Author(s): Angelo Verzoni. Published on December 7, 2021.

‘No Stopping It’

A Montana cattle rancher reflects on a summer wildfire and what the growing intensity of fire means for people, property, and livestock


Driven by scorching heat and high winds, the Richard Spring Fire torched more than 170,000 acres of land as it burned through southeastern Montana in mid-August. Hit particularly hard were the area’s many cattle ranchers, who often serve as the first responders for wildfires on their property. About a month after the blaze, Jacqueline Wilmot, a research project manager at the Fire Protection Research Foundation, spoke with longtime cattle rancher Clint McRae about his experiences dealing with that fire, and wildfire in general, at Rocker Six Ranch near Colstrip, Montana. Below is an edited excerpt of Wilmot’s interview with McRae, as well as a recent NFPA Podcast episode featuring the interview.

’ve been fighting fires
, going to fires with my dad, ever since I was about 6 or 7 years old. So wildfires are nothing new for me. Here in Rosebud County, we live in a very active fire area. It’s arid in the summer, and we get thunderstorms with lightning that commonly cause fires.

But the fire that burned in August, this thing was bad. I’ve seen bad before. I’ve seen extreme fire conditions. But when it starts threatening your house and your outbuildings, that creates a whole new dynamic. This was personal. For the first time in my life, we just about lost our house. This thing burned 100,000 acres in one day. It was 104 degrees with 50-mile-an-hour winds, and the humidity percentage was close to single digits. There was just no stopping it. We lost three of our six stackyards [for storing hay] and about 500 bales of hay. More than 90 percent of our land burned.

What many people may not know is that ranchers like myself are usually the first responders to wildfires on their property. In fact, the state provides us with wildland fire engines with 500-gallon water tanks attached to them. When wildfires occur, the initial strategy is always to go out with that truck and to see if we can get a direct attack on the flames. If we can knock it down with water, we will. If it’s more extreme, if the flame height and heat are too much, we’ll back off, get equipment like bulldozers, and make a fire line. If it’s even more extreme than that—and this is what happened in August—then we have to get assistance from state and sometimes federal firefighters, who come in with air attacks and all the toys in the toybox, so to speak.

When I was first allowed to start responding to fires with my dad, we didn’t have a system like this or tools like this. Maybe a rancher would have a little [Caterpillar] ’dozer and he’d scratch a line in the ground. But looking back, those fires also weren’t as nasty as they are now.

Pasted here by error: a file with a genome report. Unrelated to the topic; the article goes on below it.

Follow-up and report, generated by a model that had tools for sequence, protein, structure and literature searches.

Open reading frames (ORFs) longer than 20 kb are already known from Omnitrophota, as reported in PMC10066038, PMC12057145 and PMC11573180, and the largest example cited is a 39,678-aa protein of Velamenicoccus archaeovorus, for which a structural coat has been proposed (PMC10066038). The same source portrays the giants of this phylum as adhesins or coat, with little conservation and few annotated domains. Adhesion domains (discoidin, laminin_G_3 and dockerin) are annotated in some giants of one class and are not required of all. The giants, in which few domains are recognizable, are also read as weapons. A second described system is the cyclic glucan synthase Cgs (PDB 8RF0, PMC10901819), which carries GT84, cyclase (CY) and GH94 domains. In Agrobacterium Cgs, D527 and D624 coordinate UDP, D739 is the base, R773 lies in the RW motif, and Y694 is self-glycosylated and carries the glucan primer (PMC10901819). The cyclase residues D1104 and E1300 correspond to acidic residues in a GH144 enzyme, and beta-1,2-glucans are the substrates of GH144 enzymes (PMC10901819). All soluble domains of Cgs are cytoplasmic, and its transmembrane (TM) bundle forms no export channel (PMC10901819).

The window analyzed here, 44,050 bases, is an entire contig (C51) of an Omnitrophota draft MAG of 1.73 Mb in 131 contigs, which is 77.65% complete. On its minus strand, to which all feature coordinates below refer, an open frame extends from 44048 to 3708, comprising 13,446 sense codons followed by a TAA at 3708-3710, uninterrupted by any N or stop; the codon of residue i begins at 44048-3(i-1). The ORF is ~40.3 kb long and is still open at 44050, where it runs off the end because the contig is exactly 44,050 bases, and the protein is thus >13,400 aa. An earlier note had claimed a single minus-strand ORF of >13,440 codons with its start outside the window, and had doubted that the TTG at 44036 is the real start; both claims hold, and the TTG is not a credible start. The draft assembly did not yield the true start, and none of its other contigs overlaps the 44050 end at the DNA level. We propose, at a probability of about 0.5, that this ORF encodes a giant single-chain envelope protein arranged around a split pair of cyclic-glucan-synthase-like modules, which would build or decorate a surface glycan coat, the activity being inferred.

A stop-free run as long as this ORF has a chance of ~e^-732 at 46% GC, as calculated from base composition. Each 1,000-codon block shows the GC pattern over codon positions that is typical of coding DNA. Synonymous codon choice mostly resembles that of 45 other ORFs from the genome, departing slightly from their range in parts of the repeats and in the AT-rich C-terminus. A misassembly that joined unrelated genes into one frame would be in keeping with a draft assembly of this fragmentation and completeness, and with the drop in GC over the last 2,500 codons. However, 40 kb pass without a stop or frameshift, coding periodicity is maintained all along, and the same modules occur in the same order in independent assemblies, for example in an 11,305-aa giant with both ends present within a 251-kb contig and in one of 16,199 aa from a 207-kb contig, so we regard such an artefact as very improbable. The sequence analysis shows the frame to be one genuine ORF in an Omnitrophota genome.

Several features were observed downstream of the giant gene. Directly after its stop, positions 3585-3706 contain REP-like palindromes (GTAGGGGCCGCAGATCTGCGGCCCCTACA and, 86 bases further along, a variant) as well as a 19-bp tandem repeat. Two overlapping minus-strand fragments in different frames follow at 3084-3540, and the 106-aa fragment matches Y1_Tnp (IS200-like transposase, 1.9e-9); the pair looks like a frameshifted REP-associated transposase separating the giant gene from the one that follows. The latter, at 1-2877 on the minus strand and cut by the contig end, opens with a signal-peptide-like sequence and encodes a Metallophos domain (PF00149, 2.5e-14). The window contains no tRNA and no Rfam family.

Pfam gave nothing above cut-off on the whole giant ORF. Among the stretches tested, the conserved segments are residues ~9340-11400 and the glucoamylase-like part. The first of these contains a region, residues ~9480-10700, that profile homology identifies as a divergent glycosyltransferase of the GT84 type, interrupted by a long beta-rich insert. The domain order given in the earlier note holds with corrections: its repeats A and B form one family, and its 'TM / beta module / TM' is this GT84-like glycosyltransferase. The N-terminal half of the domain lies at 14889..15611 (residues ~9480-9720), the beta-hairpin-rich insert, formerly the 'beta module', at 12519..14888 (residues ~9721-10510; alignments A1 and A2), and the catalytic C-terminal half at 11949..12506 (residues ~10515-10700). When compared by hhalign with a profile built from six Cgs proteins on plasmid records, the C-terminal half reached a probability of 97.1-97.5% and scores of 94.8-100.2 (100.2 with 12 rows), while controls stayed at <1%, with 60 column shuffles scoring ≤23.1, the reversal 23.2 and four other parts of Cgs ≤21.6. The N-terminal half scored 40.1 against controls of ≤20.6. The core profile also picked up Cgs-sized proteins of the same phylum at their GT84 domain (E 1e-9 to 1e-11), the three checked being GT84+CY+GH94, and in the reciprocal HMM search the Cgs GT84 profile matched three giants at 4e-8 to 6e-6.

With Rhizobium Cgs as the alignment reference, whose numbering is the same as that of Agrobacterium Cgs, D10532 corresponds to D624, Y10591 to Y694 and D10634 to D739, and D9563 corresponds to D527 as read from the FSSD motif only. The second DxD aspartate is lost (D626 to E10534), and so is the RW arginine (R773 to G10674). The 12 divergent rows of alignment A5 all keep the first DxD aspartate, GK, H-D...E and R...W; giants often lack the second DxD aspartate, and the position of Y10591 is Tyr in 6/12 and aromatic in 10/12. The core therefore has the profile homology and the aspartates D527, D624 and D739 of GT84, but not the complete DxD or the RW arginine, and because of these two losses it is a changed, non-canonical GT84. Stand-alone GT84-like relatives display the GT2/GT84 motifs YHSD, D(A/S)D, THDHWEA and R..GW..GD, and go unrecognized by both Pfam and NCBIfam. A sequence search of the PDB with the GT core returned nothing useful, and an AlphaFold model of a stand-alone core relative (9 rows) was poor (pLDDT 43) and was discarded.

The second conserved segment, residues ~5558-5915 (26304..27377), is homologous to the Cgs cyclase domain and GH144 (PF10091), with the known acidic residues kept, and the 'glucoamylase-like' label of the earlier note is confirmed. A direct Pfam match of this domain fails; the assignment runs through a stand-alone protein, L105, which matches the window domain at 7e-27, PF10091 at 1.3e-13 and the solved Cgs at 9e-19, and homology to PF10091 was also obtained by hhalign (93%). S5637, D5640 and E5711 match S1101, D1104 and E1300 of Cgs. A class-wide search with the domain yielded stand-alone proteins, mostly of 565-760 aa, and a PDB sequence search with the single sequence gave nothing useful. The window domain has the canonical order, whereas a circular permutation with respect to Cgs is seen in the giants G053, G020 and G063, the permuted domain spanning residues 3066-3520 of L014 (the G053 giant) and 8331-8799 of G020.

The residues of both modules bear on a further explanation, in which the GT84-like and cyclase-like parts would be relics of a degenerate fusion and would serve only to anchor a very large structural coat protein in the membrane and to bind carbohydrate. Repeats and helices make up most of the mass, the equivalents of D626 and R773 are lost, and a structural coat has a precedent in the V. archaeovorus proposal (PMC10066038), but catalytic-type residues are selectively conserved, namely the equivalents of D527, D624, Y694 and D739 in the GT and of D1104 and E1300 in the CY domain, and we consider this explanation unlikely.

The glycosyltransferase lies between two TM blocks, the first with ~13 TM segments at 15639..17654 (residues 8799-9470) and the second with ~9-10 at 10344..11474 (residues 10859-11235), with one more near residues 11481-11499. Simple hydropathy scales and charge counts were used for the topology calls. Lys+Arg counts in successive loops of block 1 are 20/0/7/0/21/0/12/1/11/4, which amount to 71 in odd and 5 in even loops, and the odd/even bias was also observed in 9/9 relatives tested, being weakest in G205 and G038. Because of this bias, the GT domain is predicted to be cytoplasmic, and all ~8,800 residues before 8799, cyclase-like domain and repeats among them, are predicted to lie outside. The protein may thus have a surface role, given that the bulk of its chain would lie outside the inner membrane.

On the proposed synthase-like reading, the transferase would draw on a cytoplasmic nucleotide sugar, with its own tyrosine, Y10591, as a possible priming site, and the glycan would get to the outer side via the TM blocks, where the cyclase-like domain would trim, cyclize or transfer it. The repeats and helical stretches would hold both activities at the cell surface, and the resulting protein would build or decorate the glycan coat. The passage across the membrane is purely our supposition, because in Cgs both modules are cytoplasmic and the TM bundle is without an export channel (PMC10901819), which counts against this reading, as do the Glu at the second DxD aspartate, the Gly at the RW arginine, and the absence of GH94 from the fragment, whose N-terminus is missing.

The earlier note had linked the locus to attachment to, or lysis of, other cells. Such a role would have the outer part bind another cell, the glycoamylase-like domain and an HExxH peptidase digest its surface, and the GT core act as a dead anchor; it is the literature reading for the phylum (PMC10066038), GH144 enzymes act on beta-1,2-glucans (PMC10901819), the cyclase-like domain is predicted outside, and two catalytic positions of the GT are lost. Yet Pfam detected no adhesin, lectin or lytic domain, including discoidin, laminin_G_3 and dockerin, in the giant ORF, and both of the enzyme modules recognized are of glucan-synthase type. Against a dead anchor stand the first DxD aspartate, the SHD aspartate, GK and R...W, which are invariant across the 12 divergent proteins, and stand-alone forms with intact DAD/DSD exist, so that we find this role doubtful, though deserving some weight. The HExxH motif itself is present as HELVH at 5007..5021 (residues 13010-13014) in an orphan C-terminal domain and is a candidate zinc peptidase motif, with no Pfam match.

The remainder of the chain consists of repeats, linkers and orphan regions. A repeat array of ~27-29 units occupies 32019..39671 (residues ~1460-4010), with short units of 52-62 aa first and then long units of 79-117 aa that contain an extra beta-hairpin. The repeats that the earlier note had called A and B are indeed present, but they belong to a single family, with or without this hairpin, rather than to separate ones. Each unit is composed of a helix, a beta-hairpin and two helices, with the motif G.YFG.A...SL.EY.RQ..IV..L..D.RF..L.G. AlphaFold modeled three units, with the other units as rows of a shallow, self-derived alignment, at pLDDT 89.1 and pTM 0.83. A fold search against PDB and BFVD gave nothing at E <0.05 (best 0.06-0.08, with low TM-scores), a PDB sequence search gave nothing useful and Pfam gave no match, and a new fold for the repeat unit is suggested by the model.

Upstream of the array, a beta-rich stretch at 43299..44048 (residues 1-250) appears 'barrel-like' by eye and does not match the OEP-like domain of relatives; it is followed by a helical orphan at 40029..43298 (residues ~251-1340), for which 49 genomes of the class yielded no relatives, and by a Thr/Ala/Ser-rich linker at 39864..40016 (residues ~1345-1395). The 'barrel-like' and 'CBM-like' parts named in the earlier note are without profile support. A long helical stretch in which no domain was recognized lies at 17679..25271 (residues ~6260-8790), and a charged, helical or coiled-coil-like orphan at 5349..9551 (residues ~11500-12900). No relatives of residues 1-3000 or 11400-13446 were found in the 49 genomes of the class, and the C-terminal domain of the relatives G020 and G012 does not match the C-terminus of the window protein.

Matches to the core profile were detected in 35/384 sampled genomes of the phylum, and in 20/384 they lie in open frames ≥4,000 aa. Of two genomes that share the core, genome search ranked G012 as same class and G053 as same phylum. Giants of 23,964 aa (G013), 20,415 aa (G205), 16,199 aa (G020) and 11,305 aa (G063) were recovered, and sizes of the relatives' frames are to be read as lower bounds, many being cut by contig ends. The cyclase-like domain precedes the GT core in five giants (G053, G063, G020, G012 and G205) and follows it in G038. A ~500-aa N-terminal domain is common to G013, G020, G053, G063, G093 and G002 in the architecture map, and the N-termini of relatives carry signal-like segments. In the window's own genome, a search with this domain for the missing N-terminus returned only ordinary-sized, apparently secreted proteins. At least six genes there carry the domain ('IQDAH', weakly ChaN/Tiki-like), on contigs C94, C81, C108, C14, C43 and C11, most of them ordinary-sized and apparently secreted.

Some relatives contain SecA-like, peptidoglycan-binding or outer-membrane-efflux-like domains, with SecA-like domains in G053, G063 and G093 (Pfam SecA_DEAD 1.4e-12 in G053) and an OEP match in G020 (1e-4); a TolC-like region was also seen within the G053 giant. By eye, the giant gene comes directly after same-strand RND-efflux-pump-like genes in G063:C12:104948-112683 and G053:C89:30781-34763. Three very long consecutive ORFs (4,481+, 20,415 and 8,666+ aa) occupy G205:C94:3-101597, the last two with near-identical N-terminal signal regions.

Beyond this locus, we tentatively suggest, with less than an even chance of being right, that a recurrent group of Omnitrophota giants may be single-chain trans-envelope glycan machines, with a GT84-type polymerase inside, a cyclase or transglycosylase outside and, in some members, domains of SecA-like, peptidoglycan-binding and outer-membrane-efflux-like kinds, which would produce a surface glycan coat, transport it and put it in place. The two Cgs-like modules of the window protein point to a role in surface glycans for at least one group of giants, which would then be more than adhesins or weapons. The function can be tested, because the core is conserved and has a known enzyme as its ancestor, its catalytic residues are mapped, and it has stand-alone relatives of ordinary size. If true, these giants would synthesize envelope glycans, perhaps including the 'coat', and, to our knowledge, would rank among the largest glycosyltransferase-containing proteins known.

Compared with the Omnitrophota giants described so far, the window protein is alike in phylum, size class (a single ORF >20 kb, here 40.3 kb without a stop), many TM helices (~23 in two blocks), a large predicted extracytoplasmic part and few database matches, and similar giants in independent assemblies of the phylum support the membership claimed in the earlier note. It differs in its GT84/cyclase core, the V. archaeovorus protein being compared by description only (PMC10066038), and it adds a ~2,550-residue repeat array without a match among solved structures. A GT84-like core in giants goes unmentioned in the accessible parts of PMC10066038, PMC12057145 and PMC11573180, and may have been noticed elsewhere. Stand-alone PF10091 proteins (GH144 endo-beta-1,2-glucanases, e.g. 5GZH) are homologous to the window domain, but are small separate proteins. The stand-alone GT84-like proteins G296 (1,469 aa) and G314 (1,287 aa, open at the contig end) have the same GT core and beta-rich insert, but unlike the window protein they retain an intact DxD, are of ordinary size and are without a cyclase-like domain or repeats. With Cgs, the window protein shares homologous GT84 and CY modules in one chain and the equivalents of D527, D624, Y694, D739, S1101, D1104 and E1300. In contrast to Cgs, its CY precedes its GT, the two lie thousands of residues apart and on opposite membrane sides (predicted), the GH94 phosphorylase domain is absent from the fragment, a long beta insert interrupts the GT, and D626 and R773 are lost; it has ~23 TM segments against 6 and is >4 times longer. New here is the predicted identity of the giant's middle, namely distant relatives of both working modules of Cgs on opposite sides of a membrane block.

These fires are getting more severe, they’re getting scarier. I think there’s a couple of reasons for that. The first reason, I think, is our climate is changing. I think people in my line of work don’t always want to admit that, but I’ve seen some drastic changes, so that’s part of it. The other problem is fuel loads. We don’t want to overgraze our grass on the ranch, so we always have some place that’s rested for a year or two, so we can turn cattle in there and graze it. But the problem with that is that’s a huge fuel load, and when that catches on fire, it’s really hard to stop. We’ve had flame heights this year in some of these pastures of five or six feet. You just can’t get close to that.

Looking to the future, after the devastation of the fire in August, we’ve had to make the difficult decision to sell all our cattle three years old and older, take that money, and in the next two years start buying cattle back. It’s difficult, but we’re also counting ourselves lucky to even have cattle we can sell. In 2012, we had a terrible fire year, and a cousin of mine lost 170 head of cattle. A neighbor lost 400 head.

So this time, we knew we had to get ahead of this fire. We opened gates, cut fences, and let those cattle go. It’s always a risk doing that, but it’s better to find cattle 15 miles away but alive than to find them dead. We had cattle scattered everywhere after the fire. We’re still getting them back. 

ANGELO VERZONI is associate editor of NFPA Journal. Follow him on Twitter @angelo_verzoni. Top photograph: PHIL MILLETT